USADA declines comment on Armstrong confession report

USADA spokesperson declines to comment on the precedent for Armstrong to return to competition if he were to confess to doping

COLORADO SPRINGS, Colorado (VN) — U.S. Anti-Doping Agency officials have declined comment on the latest turn in the Lance Armstrong affair, following The New York Times’ report that the banned former world champion was considering a confession.

The Times on Friday reported that Armstrong would confess to having used performance enhancing drugs and blood transfusions in order to ease the lifetime ban from competition the U.S. anti-doping body saddled him with when he elected in August 2012 not to contest a laundry list of doping charges. It was also said, through the conduit of unnamed sources, that Armstrong had engaged USADA brass regarding a potential confession.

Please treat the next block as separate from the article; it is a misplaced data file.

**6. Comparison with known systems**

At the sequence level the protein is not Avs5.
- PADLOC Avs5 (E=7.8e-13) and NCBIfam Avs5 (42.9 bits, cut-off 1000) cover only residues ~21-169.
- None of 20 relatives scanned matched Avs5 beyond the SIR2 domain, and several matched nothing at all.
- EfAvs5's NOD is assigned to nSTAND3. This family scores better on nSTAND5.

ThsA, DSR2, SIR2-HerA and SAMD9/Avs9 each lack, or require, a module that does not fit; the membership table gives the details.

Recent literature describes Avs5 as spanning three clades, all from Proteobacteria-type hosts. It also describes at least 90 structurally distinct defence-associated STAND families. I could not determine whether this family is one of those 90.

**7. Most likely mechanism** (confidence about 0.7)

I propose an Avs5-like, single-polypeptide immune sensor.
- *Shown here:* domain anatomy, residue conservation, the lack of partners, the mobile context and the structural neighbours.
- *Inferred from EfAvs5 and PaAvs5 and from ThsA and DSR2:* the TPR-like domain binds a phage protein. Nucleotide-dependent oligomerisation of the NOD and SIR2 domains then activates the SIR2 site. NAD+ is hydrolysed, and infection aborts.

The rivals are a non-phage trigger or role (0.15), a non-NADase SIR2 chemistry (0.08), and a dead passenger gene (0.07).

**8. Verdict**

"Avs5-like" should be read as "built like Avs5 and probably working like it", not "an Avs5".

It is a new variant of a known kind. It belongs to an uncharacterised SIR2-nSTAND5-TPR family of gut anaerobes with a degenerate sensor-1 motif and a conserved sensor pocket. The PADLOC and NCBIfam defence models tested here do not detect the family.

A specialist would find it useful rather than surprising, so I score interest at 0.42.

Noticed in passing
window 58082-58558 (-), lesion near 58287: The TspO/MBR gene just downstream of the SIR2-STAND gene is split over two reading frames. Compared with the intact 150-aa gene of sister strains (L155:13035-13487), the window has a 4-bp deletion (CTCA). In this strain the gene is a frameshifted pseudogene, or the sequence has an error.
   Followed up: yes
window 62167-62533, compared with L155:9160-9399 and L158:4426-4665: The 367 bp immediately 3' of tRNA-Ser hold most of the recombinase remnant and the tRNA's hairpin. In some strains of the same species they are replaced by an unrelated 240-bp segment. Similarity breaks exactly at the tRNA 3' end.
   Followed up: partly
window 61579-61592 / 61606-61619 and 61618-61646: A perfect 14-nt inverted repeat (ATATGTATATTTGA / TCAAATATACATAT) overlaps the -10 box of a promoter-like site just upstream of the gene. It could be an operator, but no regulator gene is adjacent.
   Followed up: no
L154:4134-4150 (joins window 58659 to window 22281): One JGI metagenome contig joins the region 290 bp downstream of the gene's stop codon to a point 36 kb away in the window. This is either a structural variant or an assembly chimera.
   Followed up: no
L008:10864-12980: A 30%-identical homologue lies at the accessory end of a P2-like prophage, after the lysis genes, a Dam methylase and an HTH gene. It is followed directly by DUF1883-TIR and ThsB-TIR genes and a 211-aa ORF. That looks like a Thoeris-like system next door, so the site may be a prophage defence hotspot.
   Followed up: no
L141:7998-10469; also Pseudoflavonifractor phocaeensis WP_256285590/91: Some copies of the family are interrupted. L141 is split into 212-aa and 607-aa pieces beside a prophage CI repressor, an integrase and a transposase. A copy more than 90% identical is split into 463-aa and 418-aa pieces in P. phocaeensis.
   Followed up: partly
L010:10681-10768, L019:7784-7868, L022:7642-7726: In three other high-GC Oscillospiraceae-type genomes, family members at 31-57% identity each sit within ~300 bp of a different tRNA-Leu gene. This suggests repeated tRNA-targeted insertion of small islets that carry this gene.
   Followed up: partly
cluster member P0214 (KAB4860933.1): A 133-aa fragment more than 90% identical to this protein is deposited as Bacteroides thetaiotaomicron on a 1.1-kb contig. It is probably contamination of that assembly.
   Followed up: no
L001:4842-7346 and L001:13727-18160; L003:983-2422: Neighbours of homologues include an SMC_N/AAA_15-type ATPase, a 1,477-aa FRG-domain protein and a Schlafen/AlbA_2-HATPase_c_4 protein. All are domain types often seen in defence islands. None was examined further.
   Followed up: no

The American anti-doping body is the entity that pursued Armstrong after a federal criminal investigation was dropped without explanation, and issued the 1,000-page “Reasoned Decision,” which offered a comprehensive look at what USADA pegged as a wide-ranging doping conspiracy at the U.S. Postal Service team.

On Saturday, a USADA spokesperson responded with “no comment” to several questions touching on Armstrong’s reported contact with the agency, how a confession would alter the possibility of the Texan’s appearance at former director Johan Bruyneel’s anticipated hearing, and the precedent for an athlete that’s been previously banned for life to return to high-level completion.